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The Painted Skin is a cautionary tale about desire and misplaced loyalty that uses supernatural means to depict judgement and consequences. Originally, it was written by Pu Songling as a short story and was published in 1740 with a collection of his work, Strange Tales from a Chinese Studio

The story centers around a man who chooses to bring home a woman he met on the streets. The woman tells him a harrowing tale about being homeless because she recently escaped an abusive family and he decides to hide her from his wife by confining her to the library where he proceeds to have an affair with her. 

The man is warned by a priest that there is evil in his home and upon returning he peers through a window and sees the Devil painting the woman's skin and bringing her to life. The man gets his consequences issued first when eventually the woman kills him by ripping his heart right out of his chest. 

However, his wife became desperate to resurrect him and begged a street preacher for help. The street preacher beats her, demeans her, and spits in her mouth before telling her to swallow his spit, and that she must if she wants to resurrect her husband. Feeling ashamed, she swallows the spit and then goes home to prepare her husband's corpse for burial. 

But as she attempts to close the wound on his chest she coughs up a human heart. She places the heart in the empty spot in his chest and sews him up. The next morning he is alive. 

The author, Songling's intention is to pass judgement on both the husband for cheating on his wife and the wife for debasing herself for a man who was not faithful to her.

5. The Jiangshi

via:WordPress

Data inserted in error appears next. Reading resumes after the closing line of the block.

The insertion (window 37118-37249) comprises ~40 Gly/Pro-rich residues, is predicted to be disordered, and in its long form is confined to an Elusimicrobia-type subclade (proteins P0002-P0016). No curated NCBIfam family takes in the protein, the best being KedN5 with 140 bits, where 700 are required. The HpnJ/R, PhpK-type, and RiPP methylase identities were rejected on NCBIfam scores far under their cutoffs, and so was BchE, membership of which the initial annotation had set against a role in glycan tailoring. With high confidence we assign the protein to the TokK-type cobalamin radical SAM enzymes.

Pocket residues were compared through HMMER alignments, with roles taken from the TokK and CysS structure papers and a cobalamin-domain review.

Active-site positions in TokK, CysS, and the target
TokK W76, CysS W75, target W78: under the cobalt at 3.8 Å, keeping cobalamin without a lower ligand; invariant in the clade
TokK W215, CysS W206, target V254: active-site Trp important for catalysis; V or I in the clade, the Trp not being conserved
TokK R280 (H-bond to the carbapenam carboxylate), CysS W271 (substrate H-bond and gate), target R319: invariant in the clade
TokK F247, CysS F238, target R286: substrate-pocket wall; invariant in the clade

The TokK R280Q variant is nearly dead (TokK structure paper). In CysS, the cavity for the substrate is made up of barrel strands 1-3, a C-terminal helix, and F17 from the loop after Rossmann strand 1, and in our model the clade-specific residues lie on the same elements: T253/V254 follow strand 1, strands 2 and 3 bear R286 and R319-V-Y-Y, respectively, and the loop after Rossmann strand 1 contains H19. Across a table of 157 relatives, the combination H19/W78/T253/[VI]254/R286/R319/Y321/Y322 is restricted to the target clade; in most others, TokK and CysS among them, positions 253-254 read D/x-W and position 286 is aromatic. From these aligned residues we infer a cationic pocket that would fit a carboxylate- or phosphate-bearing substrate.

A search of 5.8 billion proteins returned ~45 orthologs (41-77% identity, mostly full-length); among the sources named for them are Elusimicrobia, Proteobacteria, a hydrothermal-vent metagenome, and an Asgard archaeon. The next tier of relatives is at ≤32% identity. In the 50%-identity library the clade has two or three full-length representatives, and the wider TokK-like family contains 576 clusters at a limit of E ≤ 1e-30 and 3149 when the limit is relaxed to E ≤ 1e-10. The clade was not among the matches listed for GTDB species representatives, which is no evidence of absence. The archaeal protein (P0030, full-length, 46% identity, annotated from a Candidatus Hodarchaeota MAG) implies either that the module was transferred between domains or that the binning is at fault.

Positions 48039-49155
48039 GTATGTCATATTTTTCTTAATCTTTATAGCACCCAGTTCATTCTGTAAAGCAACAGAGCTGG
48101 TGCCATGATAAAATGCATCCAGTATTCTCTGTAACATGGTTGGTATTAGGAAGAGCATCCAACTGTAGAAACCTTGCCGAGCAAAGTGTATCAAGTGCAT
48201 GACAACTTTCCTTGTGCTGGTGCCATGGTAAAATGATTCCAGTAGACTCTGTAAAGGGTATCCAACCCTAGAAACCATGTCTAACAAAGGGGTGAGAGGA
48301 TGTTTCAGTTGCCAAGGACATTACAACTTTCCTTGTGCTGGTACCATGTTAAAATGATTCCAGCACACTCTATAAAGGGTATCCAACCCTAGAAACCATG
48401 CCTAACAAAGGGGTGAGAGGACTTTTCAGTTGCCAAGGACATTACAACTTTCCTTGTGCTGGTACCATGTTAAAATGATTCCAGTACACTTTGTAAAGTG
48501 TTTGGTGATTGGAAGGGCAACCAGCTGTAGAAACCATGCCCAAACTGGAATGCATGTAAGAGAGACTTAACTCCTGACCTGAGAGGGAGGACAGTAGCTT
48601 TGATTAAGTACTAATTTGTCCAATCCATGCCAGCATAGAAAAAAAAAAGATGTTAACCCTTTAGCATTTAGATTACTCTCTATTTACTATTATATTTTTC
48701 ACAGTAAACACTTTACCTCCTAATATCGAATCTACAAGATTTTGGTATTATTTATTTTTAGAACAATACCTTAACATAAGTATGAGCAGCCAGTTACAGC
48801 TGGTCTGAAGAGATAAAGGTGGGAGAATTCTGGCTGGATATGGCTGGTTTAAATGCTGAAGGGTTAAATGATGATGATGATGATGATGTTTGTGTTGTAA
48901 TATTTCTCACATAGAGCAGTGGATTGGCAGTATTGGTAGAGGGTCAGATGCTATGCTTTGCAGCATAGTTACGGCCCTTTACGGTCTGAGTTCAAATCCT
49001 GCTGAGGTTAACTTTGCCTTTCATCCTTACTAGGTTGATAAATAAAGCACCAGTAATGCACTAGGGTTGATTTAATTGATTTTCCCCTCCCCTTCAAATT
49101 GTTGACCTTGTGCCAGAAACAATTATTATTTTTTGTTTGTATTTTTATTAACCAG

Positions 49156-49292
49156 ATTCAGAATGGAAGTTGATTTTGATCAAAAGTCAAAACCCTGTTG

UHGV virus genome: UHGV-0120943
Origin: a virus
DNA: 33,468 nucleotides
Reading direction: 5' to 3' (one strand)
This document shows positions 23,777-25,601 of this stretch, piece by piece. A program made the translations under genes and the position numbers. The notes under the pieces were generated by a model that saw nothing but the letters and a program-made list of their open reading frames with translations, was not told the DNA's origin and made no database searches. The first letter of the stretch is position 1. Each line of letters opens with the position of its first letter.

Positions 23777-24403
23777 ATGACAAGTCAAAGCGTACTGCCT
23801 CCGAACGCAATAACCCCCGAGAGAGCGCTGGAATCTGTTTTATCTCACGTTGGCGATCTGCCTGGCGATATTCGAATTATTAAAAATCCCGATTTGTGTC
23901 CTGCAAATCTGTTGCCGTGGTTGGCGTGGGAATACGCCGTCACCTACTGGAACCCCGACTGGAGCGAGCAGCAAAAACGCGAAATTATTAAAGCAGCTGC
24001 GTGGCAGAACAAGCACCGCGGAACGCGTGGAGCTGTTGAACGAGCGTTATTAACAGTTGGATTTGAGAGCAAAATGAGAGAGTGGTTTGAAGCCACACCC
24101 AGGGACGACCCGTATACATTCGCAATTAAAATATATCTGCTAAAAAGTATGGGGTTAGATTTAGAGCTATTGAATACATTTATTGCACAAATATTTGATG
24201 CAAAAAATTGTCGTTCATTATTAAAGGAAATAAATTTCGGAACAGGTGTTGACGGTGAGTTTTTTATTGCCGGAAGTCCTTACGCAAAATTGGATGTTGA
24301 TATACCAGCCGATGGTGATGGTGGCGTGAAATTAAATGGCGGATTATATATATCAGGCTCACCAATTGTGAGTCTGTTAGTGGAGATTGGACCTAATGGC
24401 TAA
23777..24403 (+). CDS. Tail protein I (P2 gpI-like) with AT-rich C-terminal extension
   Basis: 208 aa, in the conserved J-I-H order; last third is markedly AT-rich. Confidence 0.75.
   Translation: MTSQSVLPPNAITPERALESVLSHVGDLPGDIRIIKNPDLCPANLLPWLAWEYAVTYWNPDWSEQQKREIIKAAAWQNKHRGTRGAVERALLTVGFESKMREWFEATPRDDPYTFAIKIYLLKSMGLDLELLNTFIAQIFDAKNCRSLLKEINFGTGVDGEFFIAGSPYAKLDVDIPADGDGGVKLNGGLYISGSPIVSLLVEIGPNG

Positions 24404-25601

Today's typical vampire is nothing like the horror lore of year's past. To put it bluntly, today's vampire is a hyper-sexualized object of desire. There's not much horror left in the weary underworld of Vampires it would seem but there is a solution yet.

The Chinese version of vampires, also known as The Jiangshi, combines the horror of the vampire with the terror of a zombie and the all encompassing creep factor is everything you're seeking in tales that will keep you up night. In fact, the Chinese word "jiangshi" translates directly to "hard" or "stiff" in English so that falls pretty well into the zombie lore, too, if you think about it. 

To put it bluntly, the Jiangshi are freshly deceased corpses that suck blood to survive. They turn into Jiangshi after death just as their bodies are settling into rigor mortis. When a Jiangshi awakens, it's joints are stiffened and it has to hop from place to place with its arms outstretched for balance.

The legend of the Jiangshi goes all the way back to the 18th century and legend tells that many things can cause a corpse to turn into a Jiangshi from suicide to magic or even an improper burial. True to vampire lore, it is possible to repel them. To repel the Jiangshi you need: wood from a peach tree, a hoof from a black donkey, a rooster's call, or a mirror.

The origin of the Jiangshi tale is not as creepy, though:

These stories arose from the way the corpses of migratory workers were transported back to their homes during the Qing Dynasty. The bodies were essentially forced upright and carried on a man's back, which made it look like the corpse was bouncing. Because it was such a depressing and gruesome sight, they were transported at night, and the myth of the jiangshi was born.

6. Yaoguai

via:Wikimedia

Yaoguai are demons seeking immortality and in order to achieve it they trick humans into giving them their souls. Tales of the Yaoguai can be found as far back as 1592 AD and it's not just the soul stealing aspect alone that will freak you out, it's how they achieve their goal. 

Yaoguai are shape-shifters who transform into whatever form or figure that will make you the most possible vulnerable so that they can "play you like a violin." 

Lore of your deep-down desires coming back to haunt you or consume your soul is a concept found in most cultures and religions but the Yaoguai are by far one of the most frightening to think about. 

7. The Yuan Gui

via:Chinese Underground